Do we do covert surveillance anymore? Do we really need somebody to announce every step we take to keep an eye on the bad guys?
U.S. surveillance flights over Syria have started with President Obama’s go ahead, a step that will provide potential targets if airstrikes against Islamic State militants are approved.
The Associated Press reported Tuesday that an unnamed U.S. official said the flights had begun. USA TODAY reported Monday that the flights will provide information on potential targets for strikes in Syria if Obama approves.
What next, a formal announcement?
You are cordially invited to air strikes on Syrian territory beginning Friday, September 29, just after dusk. Please keep all personnel, vehicles, command posts, artillery, and stockpiles of weapons in place until that time. Your cooperation is appreciated.
Courtesy, the United States of America
Meanwhile, the editorial board of the Washington Post calls for U.S. “boots on the ground” in Iraq and Syria:
No serious approach to the group can focus only on Iraq, as the United States has done thus far. The extremists treat Iraq and Syria as one area of operations, and the United States must do the same. In that theater, as Mr. Obama has said, the United States must find partners: Kurds in Iraq and Syria, Sunni tribal leaders in Iraq, the Iraqi government if it can become more inclusive, what is left of the Free Syrian Army. Aiding them does not require a U.S. invasion, but it will need “boots on the ground,” as Mr. Obama already has acknowledged by sending close to 1,000 special forces back to Iraq. They will be needed for training, to assist in air targeting and perhaps more. As The Post’s Greg Miller reported Sunday, the United States suffers from “persistent intelligence gaps” in Syria; these can be filled only with a human presence in the region, not by drones or satellite technology alone.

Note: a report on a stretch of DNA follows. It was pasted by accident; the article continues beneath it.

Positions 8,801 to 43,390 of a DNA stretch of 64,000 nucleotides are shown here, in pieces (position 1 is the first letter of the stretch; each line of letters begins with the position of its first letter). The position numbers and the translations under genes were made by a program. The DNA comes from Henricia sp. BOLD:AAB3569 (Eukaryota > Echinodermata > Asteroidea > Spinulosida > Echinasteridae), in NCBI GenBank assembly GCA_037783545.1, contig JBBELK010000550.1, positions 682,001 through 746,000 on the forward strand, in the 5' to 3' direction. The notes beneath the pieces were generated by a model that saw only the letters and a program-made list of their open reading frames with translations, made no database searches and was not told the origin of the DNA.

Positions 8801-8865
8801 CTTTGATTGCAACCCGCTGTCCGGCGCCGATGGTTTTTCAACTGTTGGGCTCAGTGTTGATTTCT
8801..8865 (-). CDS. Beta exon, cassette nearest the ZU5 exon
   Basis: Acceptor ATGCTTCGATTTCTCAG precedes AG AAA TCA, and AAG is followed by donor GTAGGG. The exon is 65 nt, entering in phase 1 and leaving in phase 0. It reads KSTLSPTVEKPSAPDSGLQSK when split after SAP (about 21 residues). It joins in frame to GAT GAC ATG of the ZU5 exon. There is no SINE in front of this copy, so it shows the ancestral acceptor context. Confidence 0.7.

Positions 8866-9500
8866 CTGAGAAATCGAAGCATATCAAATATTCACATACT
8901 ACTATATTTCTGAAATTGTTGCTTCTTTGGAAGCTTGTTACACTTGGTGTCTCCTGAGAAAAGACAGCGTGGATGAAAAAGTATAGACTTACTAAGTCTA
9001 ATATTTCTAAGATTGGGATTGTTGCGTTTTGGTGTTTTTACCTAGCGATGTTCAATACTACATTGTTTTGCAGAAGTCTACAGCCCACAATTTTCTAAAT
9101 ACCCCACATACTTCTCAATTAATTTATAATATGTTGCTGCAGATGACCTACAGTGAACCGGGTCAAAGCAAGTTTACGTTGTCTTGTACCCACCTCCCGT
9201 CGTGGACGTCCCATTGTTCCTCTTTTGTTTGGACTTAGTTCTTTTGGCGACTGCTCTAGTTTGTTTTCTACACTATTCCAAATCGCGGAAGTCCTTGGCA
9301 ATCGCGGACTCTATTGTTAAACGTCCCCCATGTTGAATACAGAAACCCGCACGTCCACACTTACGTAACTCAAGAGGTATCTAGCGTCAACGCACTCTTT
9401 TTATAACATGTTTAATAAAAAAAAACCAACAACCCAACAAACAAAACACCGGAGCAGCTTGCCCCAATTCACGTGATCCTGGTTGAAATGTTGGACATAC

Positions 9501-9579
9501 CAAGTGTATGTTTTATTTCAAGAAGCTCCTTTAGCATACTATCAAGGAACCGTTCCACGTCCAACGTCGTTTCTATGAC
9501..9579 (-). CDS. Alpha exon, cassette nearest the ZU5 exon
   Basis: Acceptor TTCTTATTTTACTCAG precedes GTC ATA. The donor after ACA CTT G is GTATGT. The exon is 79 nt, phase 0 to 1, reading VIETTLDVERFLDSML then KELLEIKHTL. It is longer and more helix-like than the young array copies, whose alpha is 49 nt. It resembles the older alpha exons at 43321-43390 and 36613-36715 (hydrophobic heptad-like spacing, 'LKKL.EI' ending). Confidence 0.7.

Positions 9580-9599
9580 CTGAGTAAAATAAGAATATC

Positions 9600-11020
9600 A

Peggy Noonan offered a wise thought that will probably be ignored by the administration: “Go to Congress for authorization of force, showing the world we have gained at least some semblance of unity.”
If President Obama asked Congress for authorization for expanded operations against ISIS, would congressional Republicans vote “yes”?
If President Obama asked Congress for authorization for expanded operations against ISIS, would congressional Democrats vote “yes”?
For President Obama, the easiest option, thought not the wisest, is to go ahead with any operations he deems necessary and ignore congressional complaints about the War Powers Act.